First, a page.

The death of CSS-in-JS and the resurgence of native CSS

A short look back at different styling solutions, my opinions on the ideal styling solution and settling down on a new standard.

Posted in Opinions on

Front-end development is maturing. Petty differences aside, there's a couple of clear trends that are considered objective good, for as much as one can ever truly be objective.

One example, the concept of component based architecture is now engrained firmly in our collective list of best practices. We co-locate all styles, logic related to interaction and templates of our components. Throw away the component and you throw away everything related to it. Clean. Simple. Predictable. We collectively figured out that separation of concerns is a straw man argument.

Styling your application though, that's a touchy subject. A topic that I try to avoid having opinions on publicly. Mostly because I don't have the right answers either. With components and TypeScript I'm convinced those paradigms are objectively better. With CSS, things are more muddy.

The core of the issue

CSS is a deceptively simple language at first sight. But therein lies exactly the problem. It's so easy to get started, that it's almost impossible to understand the truth: Writing maintainable, predictable and high quality stylesheets is challenging, complex work.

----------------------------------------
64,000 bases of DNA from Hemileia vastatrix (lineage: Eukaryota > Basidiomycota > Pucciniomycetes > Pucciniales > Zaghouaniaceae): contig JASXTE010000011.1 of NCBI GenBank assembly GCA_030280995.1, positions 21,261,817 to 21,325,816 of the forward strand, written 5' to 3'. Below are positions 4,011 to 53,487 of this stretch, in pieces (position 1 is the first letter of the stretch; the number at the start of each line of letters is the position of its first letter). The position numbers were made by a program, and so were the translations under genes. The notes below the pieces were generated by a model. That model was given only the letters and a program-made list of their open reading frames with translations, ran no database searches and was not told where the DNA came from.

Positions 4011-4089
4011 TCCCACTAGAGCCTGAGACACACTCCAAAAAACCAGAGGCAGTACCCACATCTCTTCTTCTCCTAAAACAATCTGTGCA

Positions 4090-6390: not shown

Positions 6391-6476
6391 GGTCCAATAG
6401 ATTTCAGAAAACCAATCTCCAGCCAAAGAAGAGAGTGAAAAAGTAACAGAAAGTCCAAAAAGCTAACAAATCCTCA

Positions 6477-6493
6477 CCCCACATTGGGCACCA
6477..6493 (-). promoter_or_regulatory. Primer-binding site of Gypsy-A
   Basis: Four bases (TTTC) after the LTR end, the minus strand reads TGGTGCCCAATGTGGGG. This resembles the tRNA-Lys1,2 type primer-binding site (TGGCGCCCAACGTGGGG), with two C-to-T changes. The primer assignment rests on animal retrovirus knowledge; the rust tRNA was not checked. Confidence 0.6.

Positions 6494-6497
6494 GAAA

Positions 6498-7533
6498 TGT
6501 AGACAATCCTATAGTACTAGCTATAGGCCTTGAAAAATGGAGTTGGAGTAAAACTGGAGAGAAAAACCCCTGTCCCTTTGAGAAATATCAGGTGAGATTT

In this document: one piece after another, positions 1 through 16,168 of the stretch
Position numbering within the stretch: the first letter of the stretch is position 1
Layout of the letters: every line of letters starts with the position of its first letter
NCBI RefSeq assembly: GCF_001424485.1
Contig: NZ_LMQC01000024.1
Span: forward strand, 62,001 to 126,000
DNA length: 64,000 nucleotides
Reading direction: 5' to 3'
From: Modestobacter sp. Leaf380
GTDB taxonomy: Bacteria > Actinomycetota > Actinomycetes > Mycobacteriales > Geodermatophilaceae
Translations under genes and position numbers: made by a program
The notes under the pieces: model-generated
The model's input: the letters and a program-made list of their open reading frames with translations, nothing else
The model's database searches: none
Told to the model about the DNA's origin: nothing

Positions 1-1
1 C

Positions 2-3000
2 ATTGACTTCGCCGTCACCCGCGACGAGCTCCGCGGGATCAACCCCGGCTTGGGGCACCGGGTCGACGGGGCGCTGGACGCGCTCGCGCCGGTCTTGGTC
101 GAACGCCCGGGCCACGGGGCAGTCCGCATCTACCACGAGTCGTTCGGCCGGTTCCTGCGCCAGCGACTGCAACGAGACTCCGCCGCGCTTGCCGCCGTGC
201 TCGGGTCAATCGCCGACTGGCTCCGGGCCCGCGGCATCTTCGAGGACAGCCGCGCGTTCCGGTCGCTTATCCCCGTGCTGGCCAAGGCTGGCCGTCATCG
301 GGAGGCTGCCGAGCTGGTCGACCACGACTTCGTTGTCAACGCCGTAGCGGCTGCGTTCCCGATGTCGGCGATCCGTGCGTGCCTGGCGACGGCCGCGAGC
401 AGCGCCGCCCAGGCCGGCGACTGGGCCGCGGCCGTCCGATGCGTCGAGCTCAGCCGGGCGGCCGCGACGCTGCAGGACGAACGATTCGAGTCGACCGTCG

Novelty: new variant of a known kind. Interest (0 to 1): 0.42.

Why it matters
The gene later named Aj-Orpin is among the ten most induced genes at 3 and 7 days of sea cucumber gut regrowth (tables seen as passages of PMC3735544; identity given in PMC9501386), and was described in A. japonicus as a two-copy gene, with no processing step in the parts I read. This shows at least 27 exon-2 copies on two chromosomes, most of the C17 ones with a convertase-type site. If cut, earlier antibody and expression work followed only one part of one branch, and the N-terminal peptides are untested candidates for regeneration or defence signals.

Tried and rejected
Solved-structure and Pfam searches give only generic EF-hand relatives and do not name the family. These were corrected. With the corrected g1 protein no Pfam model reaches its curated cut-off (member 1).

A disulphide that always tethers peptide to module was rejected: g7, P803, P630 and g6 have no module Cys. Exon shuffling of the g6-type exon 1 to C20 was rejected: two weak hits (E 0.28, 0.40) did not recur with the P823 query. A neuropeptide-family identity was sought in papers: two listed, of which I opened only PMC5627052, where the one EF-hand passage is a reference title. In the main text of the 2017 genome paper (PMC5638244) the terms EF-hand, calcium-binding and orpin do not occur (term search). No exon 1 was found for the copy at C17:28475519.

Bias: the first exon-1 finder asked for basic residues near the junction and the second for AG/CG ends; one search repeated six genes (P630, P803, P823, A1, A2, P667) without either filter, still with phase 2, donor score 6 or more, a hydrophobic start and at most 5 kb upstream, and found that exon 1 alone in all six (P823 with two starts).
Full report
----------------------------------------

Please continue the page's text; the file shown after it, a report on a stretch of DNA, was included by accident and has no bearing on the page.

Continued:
I think we need to recognize that at it's core, CSS is a flawed language when it comes to styling modern web applications. I'm hopeful that at some point we'll converge on an idiomatic way of designing, writing and scaling up stylesheets. One that provides the same ergonomics to developers while staying clear of pitfalls such as performance, caching, invalidation or shipping runtime dependencies.

You can try to build a performant, scaleable CSS solution by using methodologies such as OOCSS, SMACSSS or BEM. In theory, these solutions or at the very least parts ot it are sound. In practice, keeping everyone on your team aligned and consistent in applying a methodology look this proves to be a fools errand. These methodologies are not enforced automatically. They fully depend on humans being infalliable. But humans aren't infallible, it's too easy to make mistakes. To make duplicates. To not adhere to a set of rules.